A Bea Garden: designing outside space to support ABI recovery
|By Bea Ray, professional garden designer|
I was delighted to be asked by Calvert Reconnections to come up with a design for a garden at their new acquired brain injury unit. We met at the site, Old Windebrow, an old C18th tithe barn, tucked away between Keswick and Latrigg Fell. Picking our way round the scaffolding and trying not to get in the way of the builders, Sean and Sam took me to a dank, damp courtyard filled with rotting wood and a crumbling shed, and described their vision. They were proposing a green and luscious garden, a retreat, to offer the people who come to the centre, recovering from Acquired Brain Injury, a place for peace and quiet, but also opportunities to be productive, maintaining the plants and growing food.
So far so good, but it is a small space, shaded on all four sides by the barn and an impressive but towering stone wall. Everything in the garden would therefore need to earn its place by contributing something, eg scent, form, colour and where possible all year interest, but also tolerate the shady conditions. I therefore suggested a combination of small trees, shrubs, perennials and grasses together with seasonal colour from spring bulbs and easy, low maintenance edibles like summer fruit. Foliage, form and texture will all contribute to a layered tapestry of colours and sounds. Herbs with a “healing” element will be included such as lavender and lemon balm.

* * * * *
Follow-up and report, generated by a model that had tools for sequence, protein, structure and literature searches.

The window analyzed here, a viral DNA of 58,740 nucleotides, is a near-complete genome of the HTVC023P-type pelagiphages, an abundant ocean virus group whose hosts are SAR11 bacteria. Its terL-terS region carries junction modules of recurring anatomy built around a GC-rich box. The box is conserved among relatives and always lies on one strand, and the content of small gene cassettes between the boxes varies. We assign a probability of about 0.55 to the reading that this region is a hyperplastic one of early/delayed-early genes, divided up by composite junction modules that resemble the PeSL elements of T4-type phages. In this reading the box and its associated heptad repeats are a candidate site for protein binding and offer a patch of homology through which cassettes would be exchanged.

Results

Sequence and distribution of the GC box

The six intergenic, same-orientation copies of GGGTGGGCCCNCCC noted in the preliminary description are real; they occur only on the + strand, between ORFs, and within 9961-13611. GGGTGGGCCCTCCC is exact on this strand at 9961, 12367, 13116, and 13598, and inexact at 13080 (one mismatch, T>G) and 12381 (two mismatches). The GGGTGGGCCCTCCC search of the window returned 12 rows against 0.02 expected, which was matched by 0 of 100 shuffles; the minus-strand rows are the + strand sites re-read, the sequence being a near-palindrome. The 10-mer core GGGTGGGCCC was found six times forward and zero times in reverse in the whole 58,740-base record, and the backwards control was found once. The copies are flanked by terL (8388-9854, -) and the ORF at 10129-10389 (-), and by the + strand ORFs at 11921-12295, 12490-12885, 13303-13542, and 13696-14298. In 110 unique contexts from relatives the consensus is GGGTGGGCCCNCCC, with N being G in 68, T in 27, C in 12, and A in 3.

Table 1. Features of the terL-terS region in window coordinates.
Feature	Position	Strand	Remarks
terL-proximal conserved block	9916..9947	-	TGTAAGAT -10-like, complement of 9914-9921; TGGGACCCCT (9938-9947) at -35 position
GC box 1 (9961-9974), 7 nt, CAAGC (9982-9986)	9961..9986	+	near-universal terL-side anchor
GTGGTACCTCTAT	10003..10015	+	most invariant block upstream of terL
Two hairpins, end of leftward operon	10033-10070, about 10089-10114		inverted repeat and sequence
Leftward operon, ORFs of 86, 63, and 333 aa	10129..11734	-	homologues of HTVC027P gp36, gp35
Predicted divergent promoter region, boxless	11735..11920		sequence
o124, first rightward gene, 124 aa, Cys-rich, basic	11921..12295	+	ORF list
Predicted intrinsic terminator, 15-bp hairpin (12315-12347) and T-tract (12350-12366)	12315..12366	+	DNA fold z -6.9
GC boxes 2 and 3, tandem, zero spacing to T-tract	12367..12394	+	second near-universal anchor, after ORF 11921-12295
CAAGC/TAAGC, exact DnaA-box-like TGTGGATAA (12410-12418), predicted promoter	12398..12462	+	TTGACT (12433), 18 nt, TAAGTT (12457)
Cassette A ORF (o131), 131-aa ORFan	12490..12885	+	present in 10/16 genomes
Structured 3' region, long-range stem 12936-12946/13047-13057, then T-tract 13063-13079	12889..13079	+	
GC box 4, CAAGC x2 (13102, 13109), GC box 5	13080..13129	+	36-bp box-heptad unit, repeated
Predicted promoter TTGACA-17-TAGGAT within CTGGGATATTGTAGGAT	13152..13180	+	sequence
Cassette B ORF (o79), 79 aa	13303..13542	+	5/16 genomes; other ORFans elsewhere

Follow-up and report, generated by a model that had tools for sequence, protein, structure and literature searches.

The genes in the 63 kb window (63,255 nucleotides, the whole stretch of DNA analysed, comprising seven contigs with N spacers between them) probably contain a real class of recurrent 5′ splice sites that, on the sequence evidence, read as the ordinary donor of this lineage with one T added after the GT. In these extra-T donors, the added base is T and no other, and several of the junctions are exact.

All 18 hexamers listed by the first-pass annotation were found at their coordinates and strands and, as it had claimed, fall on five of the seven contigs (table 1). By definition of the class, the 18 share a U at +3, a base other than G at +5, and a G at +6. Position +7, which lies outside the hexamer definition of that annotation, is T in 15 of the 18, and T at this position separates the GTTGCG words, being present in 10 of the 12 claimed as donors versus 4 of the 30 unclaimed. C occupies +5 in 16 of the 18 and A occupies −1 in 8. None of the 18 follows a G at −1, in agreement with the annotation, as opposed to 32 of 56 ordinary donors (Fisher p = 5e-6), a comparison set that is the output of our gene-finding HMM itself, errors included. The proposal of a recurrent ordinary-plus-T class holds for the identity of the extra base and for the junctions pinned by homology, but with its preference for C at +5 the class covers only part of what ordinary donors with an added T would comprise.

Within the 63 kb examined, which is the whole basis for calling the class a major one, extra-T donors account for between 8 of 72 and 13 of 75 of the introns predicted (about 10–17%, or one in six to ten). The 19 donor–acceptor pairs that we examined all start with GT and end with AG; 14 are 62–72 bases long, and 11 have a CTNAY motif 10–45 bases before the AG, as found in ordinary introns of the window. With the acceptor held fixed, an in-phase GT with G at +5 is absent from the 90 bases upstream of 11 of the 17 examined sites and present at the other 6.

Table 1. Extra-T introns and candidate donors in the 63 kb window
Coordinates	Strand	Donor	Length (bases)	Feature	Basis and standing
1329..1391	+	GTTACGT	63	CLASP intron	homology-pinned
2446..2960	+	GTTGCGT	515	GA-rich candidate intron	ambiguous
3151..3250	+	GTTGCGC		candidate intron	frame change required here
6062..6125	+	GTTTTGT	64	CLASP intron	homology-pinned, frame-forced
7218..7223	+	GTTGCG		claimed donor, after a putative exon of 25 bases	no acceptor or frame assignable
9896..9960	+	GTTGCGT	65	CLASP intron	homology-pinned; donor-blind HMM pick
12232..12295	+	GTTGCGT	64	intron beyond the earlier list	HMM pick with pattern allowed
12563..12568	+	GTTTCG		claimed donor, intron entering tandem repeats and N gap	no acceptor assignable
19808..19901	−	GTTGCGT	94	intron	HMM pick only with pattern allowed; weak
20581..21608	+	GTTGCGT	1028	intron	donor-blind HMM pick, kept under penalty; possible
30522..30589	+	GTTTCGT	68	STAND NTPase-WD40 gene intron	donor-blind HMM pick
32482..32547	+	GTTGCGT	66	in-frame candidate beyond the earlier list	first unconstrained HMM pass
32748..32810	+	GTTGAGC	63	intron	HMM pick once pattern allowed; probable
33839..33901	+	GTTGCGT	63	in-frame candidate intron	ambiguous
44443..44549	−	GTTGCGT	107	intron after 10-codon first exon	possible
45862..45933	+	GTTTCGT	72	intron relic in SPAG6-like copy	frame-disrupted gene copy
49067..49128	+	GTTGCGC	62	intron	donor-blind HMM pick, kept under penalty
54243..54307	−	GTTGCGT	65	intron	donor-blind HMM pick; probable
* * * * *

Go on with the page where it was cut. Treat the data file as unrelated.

I based my design on a series of raised beds which not only provide increased soil depth, but serve as informal seating. These divide the space into 3 areas, creating layers of planting to glimpse through, and offer the chance to sit quietly in one corner or with a group at the other end. Bearing in mind the climate I have included a timber and slate gazebo to offer shelter on wet days.
There is a historical connection to the Wordsworths as William and Dorothy, friends with Raisley Calvert, stayed for a time here. We discussed the benefits of bringing art and sculpture into the garden, and the Calvert Reconnections team were keen to find a way to introduce these elements into the garden once under construction.
So, in theory all our ideas were exciting and ambitious but would it be possible to actually bring this to reality? Well the next time I visited the site my questions were answered. In such a short space the site had been transformed and was ready to received its first batch of visitors that day. The dedication and enthusiasm of Sean and his team is immense, and it is inspiring to work with such a committed team. I am really looking forward to the next stage and helping bring the courtyard garden to life.
Bea Ray is qualified Garden Designer, with a professional Diploma in Garden & Landscape Design from the Oxford College of Garden Design. Bea has years of experience in designing and planting up gardens, all over the country.
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